* on The strange pattern, the drums sounds lack brightness, which is a shame.

  6. I am a guthrie/cocteaux devotee but i can't defend the production on this. Yes they are great songs but you have to work round the production a lot of the time. It seems to work on Primitive Painters but too often it is dominated by sounds that seem too familiar to cocteaux fans. As others have said the drums are a problem, they have been treated in such a way to sound like guthrie's own and not really very much like felt. Perhaps this is the problem? At this stage in his production career he only knew how to make things sound like the cocteaux. As he later showed with songs like ballad of the band, he certainly developed the ability to show a more sympathetic and varied touch.
    And I love all the felt albums but I would have to agree if I had to have one it would be Forever.

  7. Hi winterlight, I think you speak for the many! Even ardent fans like Simon Allum (www.incendiarymag.com/node/788) seem to make a rather perverse case for Ignite somehow surviving that Guthrie soundwash ("It's hard to make out who is doing what. It's a work of genius"). I wonder if I am deluded by my affection for other things like garage act The Dovers, whose What Am I Going To Do I always thought got some of its yearning, keening quality from the struggle to be heard at all through its nickel-and-dime production...

  8. Never mind the Guthrie controv - u seen the D-E-E-B-A-N-K/Stanley contov cooking up on Rui's forum? Got any Maurice in yer fanzine?

  9. Ignite the Seven Cannons is my favourite Felt album.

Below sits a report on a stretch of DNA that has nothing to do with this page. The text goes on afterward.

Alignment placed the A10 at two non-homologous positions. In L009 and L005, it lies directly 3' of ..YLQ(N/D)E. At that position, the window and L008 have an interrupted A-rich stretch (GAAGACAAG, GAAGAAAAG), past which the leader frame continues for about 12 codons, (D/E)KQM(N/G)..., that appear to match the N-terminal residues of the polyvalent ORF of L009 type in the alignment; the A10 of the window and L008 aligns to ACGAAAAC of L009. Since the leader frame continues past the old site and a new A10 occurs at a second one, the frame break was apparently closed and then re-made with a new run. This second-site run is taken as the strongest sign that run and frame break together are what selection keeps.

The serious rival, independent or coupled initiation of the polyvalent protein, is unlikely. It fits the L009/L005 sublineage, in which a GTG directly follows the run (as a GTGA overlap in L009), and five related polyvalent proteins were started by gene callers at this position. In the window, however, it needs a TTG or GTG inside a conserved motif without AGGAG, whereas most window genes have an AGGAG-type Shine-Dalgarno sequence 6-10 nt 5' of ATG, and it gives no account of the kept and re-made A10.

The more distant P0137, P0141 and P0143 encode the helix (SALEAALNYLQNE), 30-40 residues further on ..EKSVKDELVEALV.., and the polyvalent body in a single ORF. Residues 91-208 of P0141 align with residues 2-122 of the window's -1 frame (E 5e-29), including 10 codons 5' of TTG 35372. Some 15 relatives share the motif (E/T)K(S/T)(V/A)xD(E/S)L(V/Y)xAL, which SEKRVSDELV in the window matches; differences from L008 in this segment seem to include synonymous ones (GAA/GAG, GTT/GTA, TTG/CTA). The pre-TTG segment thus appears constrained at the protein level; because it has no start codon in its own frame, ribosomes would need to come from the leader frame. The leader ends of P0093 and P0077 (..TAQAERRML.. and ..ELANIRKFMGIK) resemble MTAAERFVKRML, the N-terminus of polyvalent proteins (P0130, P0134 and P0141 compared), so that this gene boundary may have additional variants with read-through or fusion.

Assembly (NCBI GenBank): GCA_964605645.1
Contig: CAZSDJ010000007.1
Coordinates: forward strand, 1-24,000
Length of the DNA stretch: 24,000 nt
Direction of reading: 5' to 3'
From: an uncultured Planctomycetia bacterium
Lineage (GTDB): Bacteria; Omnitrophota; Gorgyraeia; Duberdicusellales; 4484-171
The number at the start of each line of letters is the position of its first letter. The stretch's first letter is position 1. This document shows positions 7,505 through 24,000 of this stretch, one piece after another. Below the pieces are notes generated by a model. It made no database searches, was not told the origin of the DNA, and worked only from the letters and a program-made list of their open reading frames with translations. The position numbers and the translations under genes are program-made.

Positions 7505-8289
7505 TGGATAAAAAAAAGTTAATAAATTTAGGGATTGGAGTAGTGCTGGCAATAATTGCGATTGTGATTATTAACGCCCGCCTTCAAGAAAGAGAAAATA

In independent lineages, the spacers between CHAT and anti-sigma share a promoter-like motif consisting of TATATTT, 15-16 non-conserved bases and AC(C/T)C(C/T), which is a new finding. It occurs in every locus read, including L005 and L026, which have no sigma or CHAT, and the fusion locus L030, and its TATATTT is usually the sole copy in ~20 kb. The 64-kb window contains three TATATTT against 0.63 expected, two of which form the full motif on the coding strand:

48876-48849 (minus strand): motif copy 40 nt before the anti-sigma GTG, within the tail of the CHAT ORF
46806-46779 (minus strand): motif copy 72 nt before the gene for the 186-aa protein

My thoughts on the production came from a wilfully 'obscure' stance, which was intended to be confusing, or at least disorientating. (Much like the sound of the album). You're absolutely correct in saying I made a 'peverse case' for it. It wouldn't have been enough for me to just say "It's great".

  10. Hi Simon, I think we are at one! Felt do require a certain obliqueness, which has been my struggle in writing something for the zine too. 'Perverse' was meant descriptively rather than derogatively! And by the time you get to Demim and GKM, you are confronted with a whole other order of perversity (again, in the best possible sense).

  11. And I wish we had more Deebank in the zine than we do at this point - would you like to suggest any last minute correctives, Anonymous? And what is the Stanley controversy over at Rui's, couldn't find it on a quick browse...

  12. Started with Old Felt Feature post, which is an article from The Times by Bob Stanley, written around the release of Stains On A Decade. Reading it has spured one Nigel Silver into action. Mr Silver seems to have a connection with D-E-E-B-A-N-K, and he resents the myths that Lawrence presents as facts about Felt. He has started a series of posts presenting the ballad of the band from a D-E-E-B-A-N-K perspective. And very entertaining it is too! You could do worse than contacting Silver to provide some gold for your publication - it would need some heavy subbing, mind!

  13. How incredible - can't believe I hadn't seen all that stuff... thanks loads for pointing it out! Nigel Silver seems extraordinarily well-informed. We are on the final straight with the zine, laying it out as we speak, but it seems imperative to find a way to plug the Deebank-shaped hole. We have written to Mr Silver, so fingers crossed...

  14. Hi Mike, don't mention it. All that stuff about spooking out the bass player is just great. Good to hear you are close to hard copy. Really looking forward to this!

  15. We will be having a launch event for it too - just confirming details, will announce shortly!

  16. Hi, really looking forward to this fanzine, and the launch party. Just please don't make the date in last week of May or first week of June as I'll be on holiday; And I'm literally Felt's biggest fan and HAVE to be there:)